Using this optional scouting rule, each infantry or cavalry unit may send out scouts to search for and identify enemy units. Each unit may roll for up to two scout detection operations at the end of each movement phase (enemy units in different range brackets require different scouting groups).

The values shown in the center of the chart indicate the number of enemy positions (infantry units, heavy weapon bases, etc.) which can be identified by troops of that training level at the range shown. Once the position to be identified is declared, the scouting player rolls one die (1D6) and applies applicable modifiers. If the adjusted value is equal to or higher than the Modified Success roll value shown at right, the position in question has been discovered and may be fired upon, even if it has not previously fired or moved. Any natural die roll of 1 will result in one damage "hit" against a base from the scouting unit. Units which have been spotted may be marked as such (Recommendation: Use a single-man enemy base immediately facing the front of the spotted position). Bases in a spotted position remain spotted unless they move out of the line of sight of both the parent unit and scout marker, or unless the parent unit of the scout routs or is destroyed on the same turn as the original spotting.
  Range (in yards)  
Training Level 120 240 360 480 540 Modified Success Roll
Outstanding 4 3 2 1 - 5 or greater
Great 3 2 1 - - 6 or greater
Average 2 - - - - 6 or greater
Poor 1 - - - - 7 or greater
Abysmal - - - - - 7 or greater
Die Roll Modifier: Air superiority = +1
Any natural 1 causes one damage to a base belonging to the parent unit.

206 | Veteran Officers - Command Rolls
Veteran officers are considered to have better control over their men, and to have the ability to get them moving even under difficult circumstances. Using the Command Rolls portion of the veteran officers optional rules, each unit with a veteran officer gets an additional plus one (+1) on all command die rolls for both standard maneuver and assault movement.

207 | Entanglement Types
Barbed wire was only the first of many types of metal entanglements used to interfere with the passage of enemy troops. Later war German entanglements were manufactured from heavy coiled strips of jagged saw-toothed steel. A far cry from the flimsy barbed wire "Spanish Riders" which were hand-built by troops in the field during 1914!

Using the optional entanglements rule, refer to the types shown below for specific effect and availability. The movement reduction corresponds directly to the standard barbed wire movement reduction discussed in the basic rules. The availability ratio indicates the amount of regular barbed wire which needs to be traded off in order to obtain some of the optional wire type. Hence, a player would have to give up 40 inches of regular light coiled barbed wire in order to be able to use 10 inches of heavy coiled wire.
  • Light Riders: Movement reduction = ½ 1D6 x 10 yards. Availability ratio = 0.8. Destroyed on natural barrage roll of 2+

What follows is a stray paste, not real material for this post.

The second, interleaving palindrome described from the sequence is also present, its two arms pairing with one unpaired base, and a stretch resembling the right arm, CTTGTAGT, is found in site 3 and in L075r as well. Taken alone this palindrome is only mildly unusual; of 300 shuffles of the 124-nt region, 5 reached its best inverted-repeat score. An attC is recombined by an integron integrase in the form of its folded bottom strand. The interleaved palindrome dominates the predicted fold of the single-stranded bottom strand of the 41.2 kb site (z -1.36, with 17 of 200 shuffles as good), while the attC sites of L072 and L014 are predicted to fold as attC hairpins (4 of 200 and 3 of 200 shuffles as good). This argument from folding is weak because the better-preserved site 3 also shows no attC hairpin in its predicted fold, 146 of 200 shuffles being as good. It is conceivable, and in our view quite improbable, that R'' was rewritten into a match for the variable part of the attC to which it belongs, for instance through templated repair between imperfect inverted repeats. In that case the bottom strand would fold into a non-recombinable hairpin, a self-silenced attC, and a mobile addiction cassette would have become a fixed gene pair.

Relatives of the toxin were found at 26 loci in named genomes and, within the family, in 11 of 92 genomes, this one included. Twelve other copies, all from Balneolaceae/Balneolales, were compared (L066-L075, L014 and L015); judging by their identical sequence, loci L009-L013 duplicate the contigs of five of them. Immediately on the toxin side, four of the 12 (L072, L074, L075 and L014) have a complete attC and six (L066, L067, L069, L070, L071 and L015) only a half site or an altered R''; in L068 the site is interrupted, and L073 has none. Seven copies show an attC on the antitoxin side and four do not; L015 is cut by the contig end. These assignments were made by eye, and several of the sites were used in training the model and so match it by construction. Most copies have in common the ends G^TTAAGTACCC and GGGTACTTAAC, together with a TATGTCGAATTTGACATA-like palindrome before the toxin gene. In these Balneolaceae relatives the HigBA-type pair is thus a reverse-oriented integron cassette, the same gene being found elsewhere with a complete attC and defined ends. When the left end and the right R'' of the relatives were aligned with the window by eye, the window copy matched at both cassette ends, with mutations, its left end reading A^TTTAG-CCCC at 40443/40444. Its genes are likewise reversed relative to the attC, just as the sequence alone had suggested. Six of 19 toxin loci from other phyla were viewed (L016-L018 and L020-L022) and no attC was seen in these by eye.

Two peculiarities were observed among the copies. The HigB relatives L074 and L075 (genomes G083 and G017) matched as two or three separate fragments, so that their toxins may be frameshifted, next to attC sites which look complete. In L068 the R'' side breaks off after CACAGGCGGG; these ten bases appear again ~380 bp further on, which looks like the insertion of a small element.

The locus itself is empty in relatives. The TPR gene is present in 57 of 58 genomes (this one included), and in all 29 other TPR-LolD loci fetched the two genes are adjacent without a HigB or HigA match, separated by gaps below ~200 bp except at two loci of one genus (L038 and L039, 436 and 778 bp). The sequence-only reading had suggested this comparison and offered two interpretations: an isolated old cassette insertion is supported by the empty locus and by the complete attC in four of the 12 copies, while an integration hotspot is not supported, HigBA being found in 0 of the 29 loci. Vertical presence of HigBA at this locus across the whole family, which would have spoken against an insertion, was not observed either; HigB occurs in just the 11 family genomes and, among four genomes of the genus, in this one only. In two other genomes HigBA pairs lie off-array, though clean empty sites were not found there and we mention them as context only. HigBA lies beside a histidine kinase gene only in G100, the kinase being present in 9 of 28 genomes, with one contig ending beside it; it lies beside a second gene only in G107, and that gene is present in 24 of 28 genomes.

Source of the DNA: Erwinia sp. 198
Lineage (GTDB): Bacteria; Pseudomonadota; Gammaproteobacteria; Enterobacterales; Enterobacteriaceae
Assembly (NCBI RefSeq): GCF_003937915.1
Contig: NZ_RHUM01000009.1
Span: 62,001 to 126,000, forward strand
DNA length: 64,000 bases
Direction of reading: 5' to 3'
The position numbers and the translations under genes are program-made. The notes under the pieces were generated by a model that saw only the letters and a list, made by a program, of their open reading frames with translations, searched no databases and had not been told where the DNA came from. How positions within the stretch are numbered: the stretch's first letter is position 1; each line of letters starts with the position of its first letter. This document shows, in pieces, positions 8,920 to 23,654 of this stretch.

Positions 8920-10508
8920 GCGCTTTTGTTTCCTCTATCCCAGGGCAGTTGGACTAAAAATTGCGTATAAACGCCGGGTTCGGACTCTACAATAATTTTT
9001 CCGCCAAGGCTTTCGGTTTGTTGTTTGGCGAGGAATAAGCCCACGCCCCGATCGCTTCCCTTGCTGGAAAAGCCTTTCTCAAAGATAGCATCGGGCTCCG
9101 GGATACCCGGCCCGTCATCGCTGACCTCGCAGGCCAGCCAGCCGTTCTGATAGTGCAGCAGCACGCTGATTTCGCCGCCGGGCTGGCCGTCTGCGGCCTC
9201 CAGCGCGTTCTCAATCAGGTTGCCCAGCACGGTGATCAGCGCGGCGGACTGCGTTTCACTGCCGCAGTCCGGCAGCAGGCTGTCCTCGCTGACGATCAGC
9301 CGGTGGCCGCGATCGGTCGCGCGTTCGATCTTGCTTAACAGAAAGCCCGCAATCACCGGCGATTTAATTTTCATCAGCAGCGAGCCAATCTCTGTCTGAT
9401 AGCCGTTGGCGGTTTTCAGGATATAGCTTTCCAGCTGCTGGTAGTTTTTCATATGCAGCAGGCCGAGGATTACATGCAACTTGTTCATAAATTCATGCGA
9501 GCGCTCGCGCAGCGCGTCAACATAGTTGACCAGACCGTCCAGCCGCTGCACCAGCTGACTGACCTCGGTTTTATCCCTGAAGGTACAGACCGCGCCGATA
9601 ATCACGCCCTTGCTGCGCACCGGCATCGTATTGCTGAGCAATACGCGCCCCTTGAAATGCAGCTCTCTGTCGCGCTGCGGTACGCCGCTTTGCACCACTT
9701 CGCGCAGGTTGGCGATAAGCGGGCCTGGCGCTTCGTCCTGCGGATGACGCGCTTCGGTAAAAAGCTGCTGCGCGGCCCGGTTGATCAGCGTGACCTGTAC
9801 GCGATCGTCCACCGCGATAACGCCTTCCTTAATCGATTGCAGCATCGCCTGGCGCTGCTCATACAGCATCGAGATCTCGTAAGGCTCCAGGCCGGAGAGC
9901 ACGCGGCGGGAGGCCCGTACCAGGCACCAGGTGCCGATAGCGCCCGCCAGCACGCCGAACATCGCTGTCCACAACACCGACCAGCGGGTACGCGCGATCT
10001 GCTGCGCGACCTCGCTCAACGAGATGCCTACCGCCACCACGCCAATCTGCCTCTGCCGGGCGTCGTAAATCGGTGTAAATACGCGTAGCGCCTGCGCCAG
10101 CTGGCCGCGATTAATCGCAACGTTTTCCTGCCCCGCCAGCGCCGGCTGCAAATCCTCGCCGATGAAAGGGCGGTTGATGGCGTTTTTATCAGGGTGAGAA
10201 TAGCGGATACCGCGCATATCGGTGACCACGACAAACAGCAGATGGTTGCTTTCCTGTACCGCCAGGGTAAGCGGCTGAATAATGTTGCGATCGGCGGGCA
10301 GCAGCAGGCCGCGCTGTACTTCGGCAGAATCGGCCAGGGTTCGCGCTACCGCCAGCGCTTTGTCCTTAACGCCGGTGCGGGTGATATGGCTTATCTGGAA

• Light Coiled: Movement reduction = ½ 1D6 x 10 yards. Availability ratio = 1.0. Destroyed on natural barrage roll of 3+
  • Light Fence: Movement reduction = 1D6 x 10 yards. Availability ratio = 1.5. Destroyed on natural barrage roll of 4+. Most common type.
  • Medium Fence: Movement reduction = 1D6 x 20 yards. Availability ratio = 2.0. Destroyed on natural barrage roll of 5+. Most common type for main defenses.
  • Heavy Coiled: Movement reduction = 1D6 x 30 yards. Availability ratio = 4.0. Destroyed on natural barrage roll of 6+. Impassible to tanks. Gives solid cover bonus against small arms fire. Only used in heavily prepared primary defense lines.

208 | Trench Stops
During the war, units which had just captured sections of enemy trenchline would quickly build walls or obstacles across the trench at the extreme ends of their new positions. These trench stops prevented enemy attacks and counterattacks from sweeping down the length of the position without warning. Materials used to build trench stops varied from debris and wood found in the immediate vicinity to specialized materials brought up with the assaulting troops for that very purpose.

For game play, any base may build a trench stop by remaining stationary within a section of trench for one full turn of movement and rolling a six sided die (1D6). On a die roll result of 5 or 6, a trench stop is considered to have been successfully built immediately adjoining the base. Each trench stop causes any unit attempting to pass through (not across) that section of trench to stop for the turn while they dismantle the stop. If the stop is immediately adjoined by an enemy unit, an assault will be triggered instead, giving any unit defending the stop an additional +1 on the assault die unless the attacker goes "over the top" and sweeps around the stop, in which case no advantage is gained by either side. A trench stop is destroyed by the execution of any assault across it, and may be dismantled by any base which stops to spend one turn dismantling it.

« Firing

301 | Fire-Storms
Any unit which has five or more "heavy fire" dice thrown against it in any one fire phase is considered to have suffered a fire-storm effect, which immediately pins down the unit. At least five of all fire attack die rolls for the phase must have originated with at least three of the four following weapon types: On-call or Direct-fire artillery; Trench mortar; Detached heavy or medium machine gun; Flamethrower.

302 | Equipment Damage
In 1916, entrenched bases which declare themselves as prone are immune to being fired upon, although they also may not fire. In order to keep game play simple, the status of involved heavy weapons is left out of this equation. These weapons actually are subject to damage, even if their crew has sought cover. Once the crew returns to their original upright position, they may discover their weapon to be damaged beyond immediate repair.